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ARS Home » Northeast Area » Beltsville, Maryland (BARC) » Beltsville Agricultural Research Center » Bee Research Laboratory » Research » Publications at this Location » Publication #391117

Research Project: Managing Honey Bees Against Disease and Colony Stress

Location: Bee Research Laboratory

Title: Chromosome-scale genome assembly of the high royal jelly-producing honeybees

Author
item CAO, LIANFEI - Zhejiang Academy Of Agricultural Sciences
item ZHAO, XIAOMENG - Chinese Academy Of Agricultural Sciences
item Chen, Yanping - Judy
item SUN, CHENG - Chinese Academy Of Agricultural Sciences

Submitted to: Scientific Data
Publication Type: Peer Reviewed Journal
Publication Acceptance Date: 11/3/2021
Publication Date: 11/23/2021
Citation: Cao, L., Zhao, X., Chen, Y., Sun, C. 2021. Chromosome-scale genome assembly of the high royal jelly-producing honeybees. Scientific Data. 8:302. https://doi.org/10.1038/s41597-021-01091-7.
DOI: https://doi.org/10.1038/s41597-021-01091-7

Interpretive Summary: Royal jelly, also called bee milk, is a nutrient-rich food produced by worker bees to feed young larvae and developing queens. The selection and breeding of high royal jelly producing strains of honey bees have been conducted for decades worldwide. A high royal jelly-producing strain of honeybees (HRJHB) was obtained in China through successive artificial selection of Italian honeybees, however, genetic characteristics of the HRJHB remain largely unknown. Here, we present and analyze the complete genome of the HRJHB. The HRJHB's genome sequence and molecular characterization of the high royal jelly-producing traits in honeybee would provide a valuable resource for breeding programs toward genetic improvements and should be of interest to researchers, graduate students, beekeepers, and policymakers worldwide.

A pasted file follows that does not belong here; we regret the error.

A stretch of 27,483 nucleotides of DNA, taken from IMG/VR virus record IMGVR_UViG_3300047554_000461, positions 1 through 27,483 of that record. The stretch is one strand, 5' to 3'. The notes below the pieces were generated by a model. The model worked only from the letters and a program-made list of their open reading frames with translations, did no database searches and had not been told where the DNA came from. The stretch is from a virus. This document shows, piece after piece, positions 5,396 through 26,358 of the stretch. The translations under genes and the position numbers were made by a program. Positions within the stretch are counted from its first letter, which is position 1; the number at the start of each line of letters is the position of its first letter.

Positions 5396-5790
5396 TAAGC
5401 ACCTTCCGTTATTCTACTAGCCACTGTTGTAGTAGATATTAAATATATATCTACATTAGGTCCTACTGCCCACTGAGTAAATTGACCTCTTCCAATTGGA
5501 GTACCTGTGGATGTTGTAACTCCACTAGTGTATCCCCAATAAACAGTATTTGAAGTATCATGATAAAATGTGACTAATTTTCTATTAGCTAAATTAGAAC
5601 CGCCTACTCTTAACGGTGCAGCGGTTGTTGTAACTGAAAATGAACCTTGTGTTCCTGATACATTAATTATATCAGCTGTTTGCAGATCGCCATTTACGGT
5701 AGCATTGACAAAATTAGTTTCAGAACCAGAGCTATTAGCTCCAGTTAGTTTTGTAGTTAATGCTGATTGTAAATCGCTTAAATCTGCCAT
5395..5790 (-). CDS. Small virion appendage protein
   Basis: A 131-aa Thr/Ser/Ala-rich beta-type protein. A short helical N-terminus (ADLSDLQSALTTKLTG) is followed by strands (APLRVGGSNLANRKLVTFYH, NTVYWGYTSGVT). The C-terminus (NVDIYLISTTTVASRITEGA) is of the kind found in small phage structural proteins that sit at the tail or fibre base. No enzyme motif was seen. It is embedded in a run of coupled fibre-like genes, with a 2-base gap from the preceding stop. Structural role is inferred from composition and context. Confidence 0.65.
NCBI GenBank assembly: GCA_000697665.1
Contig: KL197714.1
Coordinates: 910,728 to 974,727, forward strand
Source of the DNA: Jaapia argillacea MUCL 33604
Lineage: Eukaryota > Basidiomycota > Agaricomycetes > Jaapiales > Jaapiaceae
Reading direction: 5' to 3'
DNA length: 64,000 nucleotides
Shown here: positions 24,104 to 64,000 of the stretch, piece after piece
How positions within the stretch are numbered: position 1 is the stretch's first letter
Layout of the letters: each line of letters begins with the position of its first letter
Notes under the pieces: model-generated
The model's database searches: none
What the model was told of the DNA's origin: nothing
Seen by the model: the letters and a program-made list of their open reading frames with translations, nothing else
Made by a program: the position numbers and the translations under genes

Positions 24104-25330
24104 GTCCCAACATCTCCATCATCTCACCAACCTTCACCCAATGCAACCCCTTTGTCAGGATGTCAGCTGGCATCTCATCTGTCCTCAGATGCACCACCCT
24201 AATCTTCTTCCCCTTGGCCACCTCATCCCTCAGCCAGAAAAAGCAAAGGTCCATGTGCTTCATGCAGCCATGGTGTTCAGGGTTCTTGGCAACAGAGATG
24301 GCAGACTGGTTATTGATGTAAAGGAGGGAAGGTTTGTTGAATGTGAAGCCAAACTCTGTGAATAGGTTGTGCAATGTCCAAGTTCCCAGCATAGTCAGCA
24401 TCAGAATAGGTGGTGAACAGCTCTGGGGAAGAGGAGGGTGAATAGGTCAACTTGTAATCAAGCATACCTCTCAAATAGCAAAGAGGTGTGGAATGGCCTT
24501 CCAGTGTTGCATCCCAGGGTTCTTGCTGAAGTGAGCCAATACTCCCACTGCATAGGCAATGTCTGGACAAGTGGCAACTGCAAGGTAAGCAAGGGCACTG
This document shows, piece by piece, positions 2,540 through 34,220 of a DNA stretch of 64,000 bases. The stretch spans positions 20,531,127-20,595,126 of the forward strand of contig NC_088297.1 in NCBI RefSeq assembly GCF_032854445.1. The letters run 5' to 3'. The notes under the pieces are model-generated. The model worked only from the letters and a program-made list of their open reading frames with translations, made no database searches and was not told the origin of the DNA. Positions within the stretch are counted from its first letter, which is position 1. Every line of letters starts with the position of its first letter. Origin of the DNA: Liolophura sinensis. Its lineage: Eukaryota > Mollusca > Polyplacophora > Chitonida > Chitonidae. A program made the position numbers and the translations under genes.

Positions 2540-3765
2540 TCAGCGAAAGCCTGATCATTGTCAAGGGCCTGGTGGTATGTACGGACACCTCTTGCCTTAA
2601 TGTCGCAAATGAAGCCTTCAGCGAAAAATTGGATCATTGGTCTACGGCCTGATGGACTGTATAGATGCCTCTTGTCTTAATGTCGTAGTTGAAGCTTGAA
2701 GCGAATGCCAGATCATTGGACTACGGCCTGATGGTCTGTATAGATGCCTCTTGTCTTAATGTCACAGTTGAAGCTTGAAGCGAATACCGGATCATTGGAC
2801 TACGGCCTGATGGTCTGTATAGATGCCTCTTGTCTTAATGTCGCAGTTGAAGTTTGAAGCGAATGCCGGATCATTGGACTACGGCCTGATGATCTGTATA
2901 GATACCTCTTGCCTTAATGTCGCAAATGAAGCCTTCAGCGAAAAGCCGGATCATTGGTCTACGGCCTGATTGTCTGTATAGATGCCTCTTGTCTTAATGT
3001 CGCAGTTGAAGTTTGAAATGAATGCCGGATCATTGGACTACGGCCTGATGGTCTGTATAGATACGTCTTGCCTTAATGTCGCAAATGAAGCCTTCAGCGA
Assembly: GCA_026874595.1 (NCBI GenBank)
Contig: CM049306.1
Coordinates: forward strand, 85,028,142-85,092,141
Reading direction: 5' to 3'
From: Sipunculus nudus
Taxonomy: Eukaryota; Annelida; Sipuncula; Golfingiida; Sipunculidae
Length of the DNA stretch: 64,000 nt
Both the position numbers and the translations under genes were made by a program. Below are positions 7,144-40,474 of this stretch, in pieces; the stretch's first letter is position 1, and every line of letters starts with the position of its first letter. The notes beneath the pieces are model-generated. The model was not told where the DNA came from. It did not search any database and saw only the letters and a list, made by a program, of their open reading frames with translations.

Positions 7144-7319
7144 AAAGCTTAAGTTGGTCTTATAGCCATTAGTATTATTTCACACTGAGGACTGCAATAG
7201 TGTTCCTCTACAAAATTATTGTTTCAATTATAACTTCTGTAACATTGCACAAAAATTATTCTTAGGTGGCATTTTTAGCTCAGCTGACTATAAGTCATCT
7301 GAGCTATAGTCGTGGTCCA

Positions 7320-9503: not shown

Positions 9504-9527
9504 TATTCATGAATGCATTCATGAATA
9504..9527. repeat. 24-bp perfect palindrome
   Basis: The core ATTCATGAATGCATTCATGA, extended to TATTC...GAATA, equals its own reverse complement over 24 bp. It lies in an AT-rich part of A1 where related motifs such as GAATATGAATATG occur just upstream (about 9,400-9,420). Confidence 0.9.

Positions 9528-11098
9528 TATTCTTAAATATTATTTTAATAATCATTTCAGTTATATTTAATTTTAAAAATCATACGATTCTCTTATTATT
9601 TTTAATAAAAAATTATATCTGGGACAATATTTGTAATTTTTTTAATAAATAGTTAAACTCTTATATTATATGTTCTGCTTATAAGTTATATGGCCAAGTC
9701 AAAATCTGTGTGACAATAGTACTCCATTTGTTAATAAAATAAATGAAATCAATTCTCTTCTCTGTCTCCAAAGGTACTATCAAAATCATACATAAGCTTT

Technical Abstract: A high royal jelly-producing strain of honeybees (HRJHB) has been obtained by successive artificial selection of Italian honeybees (Apis mellifera ligustica) in China. The HRJHB can produce amounts of royal jelly that are dozens of times greater than their original counterparts, which has promoted China to be the largest producer of royal jelly in the world. In this study, we generated a chromosome-scale of the genome sequence for the HRJHB using PacBio long reads and Hi-C technique. The genome consists of 16 pseudo-chromosomes that contain 222 Mb of sequence, with a scaffold N50 of 13.6 Mb. BUSCO analysis yielded a completeness score of 99.3%. The genome has 12,288 predicted protein-coding genes and a rate of 8.11% of repetitive sequences. One chromosome inversion was identified between the HRJHB and the closely related Italian honeybees through whole-genome alignment analysis, which may also shed light on the evolution of domesticated insects.